with the Christian faith. The gospel of Judas would be a document of
this sort."

Fr Micallef concurs: "The history of how the New Testament document
was given canonical status illustrates the fact that the choice of
texts was not coincidental". During the council of Trent, which took
place towards the mid-1500, the Church closed the list of books
deemed to be divinely inspired. "Seventy-two books: 45 in the Old
Testament and 27 in the new. No more, no less", Fr Micallef insists.

The council also secured the chasm between the Catholic and the
Protestant Church. In fact, Protestants do not accept the Catholic
canonical books.

Both Mgr Cauchi and Fr Micallef agree that while the find is very
interesting from a historic standpoint, it changes nothing for the
Church theologically.

Unlike the accounts in the New Testament, the author of the gospel of
Judas believed that Judas Iscariot alone among the 12 disciples
understood the meaning of Jesus's teachings. The Gnostics believed in
a secret, mystical knowledge of how people could escape the prisons
of their material bodies and return to the spiritual realm from which
they came.

But this emphasis on mystical knowledge rivals the mainstream
position of the Church. Fr Micallef said: "These Gnostic documents
originate from a heretical sect contemporary of early Christianity,
which based its faith on the concept of 'knowledge'. Gnosis, in fact,
means knowledge in Greek. In contrast, the Church always taught that
salvation comes from faith in Christ, and not 'knowledge'".

"Therefore, Gnostic documents do not add or take away anything from
the Catholic theological perspective."

The document is officially deemed a Gnostic text even by the scholars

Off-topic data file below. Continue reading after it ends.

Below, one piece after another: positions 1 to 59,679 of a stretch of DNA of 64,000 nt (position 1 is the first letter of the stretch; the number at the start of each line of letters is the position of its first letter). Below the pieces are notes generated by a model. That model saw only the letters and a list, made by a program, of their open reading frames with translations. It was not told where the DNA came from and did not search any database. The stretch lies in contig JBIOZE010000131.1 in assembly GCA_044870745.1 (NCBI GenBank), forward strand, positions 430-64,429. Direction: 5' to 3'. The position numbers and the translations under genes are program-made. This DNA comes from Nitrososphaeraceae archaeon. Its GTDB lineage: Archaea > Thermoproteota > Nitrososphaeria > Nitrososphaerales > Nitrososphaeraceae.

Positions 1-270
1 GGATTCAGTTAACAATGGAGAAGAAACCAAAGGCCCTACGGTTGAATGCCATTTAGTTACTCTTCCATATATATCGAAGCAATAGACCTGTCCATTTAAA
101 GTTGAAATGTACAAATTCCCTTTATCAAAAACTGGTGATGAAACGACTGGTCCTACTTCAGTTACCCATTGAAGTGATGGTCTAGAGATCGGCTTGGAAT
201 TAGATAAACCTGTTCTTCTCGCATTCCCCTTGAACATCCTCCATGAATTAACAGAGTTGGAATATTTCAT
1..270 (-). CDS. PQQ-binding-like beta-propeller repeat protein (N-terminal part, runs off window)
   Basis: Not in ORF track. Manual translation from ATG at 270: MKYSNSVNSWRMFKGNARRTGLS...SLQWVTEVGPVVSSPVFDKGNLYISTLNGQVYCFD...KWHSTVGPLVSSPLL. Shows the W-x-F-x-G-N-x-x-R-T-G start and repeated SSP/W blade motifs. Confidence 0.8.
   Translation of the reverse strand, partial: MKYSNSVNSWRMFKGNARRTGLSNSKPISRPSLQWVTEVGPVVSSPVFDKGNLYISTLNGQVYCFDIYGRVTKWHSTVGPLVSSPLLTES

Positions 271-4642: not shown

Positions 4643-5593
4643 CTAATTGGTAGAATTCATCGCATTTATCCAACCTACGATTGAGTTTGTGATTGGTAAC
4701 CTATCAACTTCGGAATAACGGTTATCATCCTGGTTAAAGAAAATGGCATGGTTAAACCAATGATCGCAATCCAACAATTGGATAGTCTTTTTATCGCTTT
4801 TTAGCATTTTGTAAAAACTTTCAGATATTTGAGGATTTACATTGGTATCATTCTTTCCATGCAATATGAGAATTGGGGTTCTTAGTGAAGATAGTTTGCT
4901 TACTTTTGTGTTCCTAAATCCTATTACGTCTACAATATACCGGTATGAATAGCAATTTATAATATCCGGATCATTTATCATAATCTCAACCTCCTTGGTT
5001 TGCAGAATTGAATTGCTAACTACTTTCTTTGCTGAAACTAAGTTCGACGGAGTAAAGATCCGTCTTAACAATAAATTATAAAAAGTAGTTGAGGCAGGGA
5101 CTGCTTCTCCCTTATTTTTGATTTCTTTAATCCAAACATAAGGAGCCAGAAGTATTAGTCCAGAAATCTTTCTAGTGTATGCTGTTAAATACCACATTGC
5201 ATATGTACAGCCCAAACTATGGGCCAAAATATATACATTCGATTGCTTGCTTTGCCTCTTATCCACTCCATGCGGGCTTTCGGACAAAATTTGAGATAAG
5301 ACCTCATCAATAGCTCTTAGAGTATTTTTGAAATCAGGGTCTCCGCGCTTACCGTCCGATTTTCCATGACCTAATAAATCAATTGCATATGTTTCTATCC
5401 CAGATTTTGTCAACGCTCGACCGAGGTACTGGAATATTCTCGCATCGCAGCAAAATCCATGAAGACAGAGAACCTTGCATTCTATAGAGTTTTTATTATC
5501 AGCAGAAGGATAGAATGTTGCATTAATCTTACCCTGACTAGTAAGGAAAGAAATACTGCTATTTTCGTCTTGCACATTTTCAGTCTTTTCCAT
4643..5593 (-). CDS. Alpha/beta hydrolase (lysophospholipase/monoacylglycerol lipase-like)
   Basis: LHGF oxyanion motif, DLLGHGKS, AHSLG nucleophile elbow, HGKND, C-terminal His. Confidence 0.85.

who translated it. Actually, the team that analysed the manuscript,
led by historian Rodolphe Kasser, formerly of the University of
Geneva, commented that the theological concepts and linguistic
structure of the Judas codex are very similar to those of the Nag
Hammadi manuscripts - a large group of Gnostic texts named after the
place where they were found.

Thirteen leather-bound papyrus codices were found in the
middle-Egyptian region, buried in a sealed jar. The writings included
52, mostly Gnostic, texts, believed to be a library hidden by monks
from the nearby monastery of St Pachomius when the material was
considered heretical. It was even an offence to own one.

The Church believes the material of such early Christian sects was
often an attempt to "fill in the historical blanks" left by the
established gospel on the life of Christ.

Mgr Cauchi explains that some early Christian communities believed
that not enough was written about the Christ's childhood, for
example, and they attempted to fill the gap in this way.

To this effect, Fr Micallef points out that the primary goal of the
four gospels was not to serve as a biography of Christ but as a
catechism of the message and person of Jesus as the Son of God.
"Therefore, the apocryphal gospels were written to fill this void,"
he said.

Elaine Pagels, professor of religion at Princeton University,
however, thinks that such discoveries are exploding the myth of a
monolithic religion, and demonstrating how diverse and fascinating
the early Christian movement really was.

The true role of Judas
There is, however, a crucial aspect to consider: the key revelation
in the Judas text to many is probably that he was no traitor at all.
This is all the more significant since the figure of Judas is often
thought of as the quintessential, somewhat racist portrayal of the
Jewish traitor who sold his master for money.

Mgr Cauchi says the gospel itself does not use the words sold or
betrayed as such, but rather that Judas handed Jesus over to the
Romans.

The ultimate executioners of the Golgotha tragedy, he points out,
were the Romans. "There are various interpretations of why Judas
betrayed Jesus... for money... to instigate a revolution. But does
this mean we can reconcile what the gospel says with the thesis that
emerges from this text? I don't think so.

"Christ said that the human being can be deceived into handing over
the Son of God to the enemy. So I think that the thesis that Judas
was acting on his orders is a bit far fetched, if I may say so."

Nonetheless, Mgr Cauchi continued, no theologian says that Judas went
to hell. "In fact, it is said that Judas's mistake was that he hung
himself on a tree. He should have asked for forgiveness and God would
have rehabilitated him as he did with Peter."

"Overall", Mgr Cauchi concludes, "I don't think there needs to be a
lot of fuss. I'm giving my personal opinion here but actually I think
that if this text and others like it help generate interest in
Christian history and literature, this find could be a blessing in
disguise."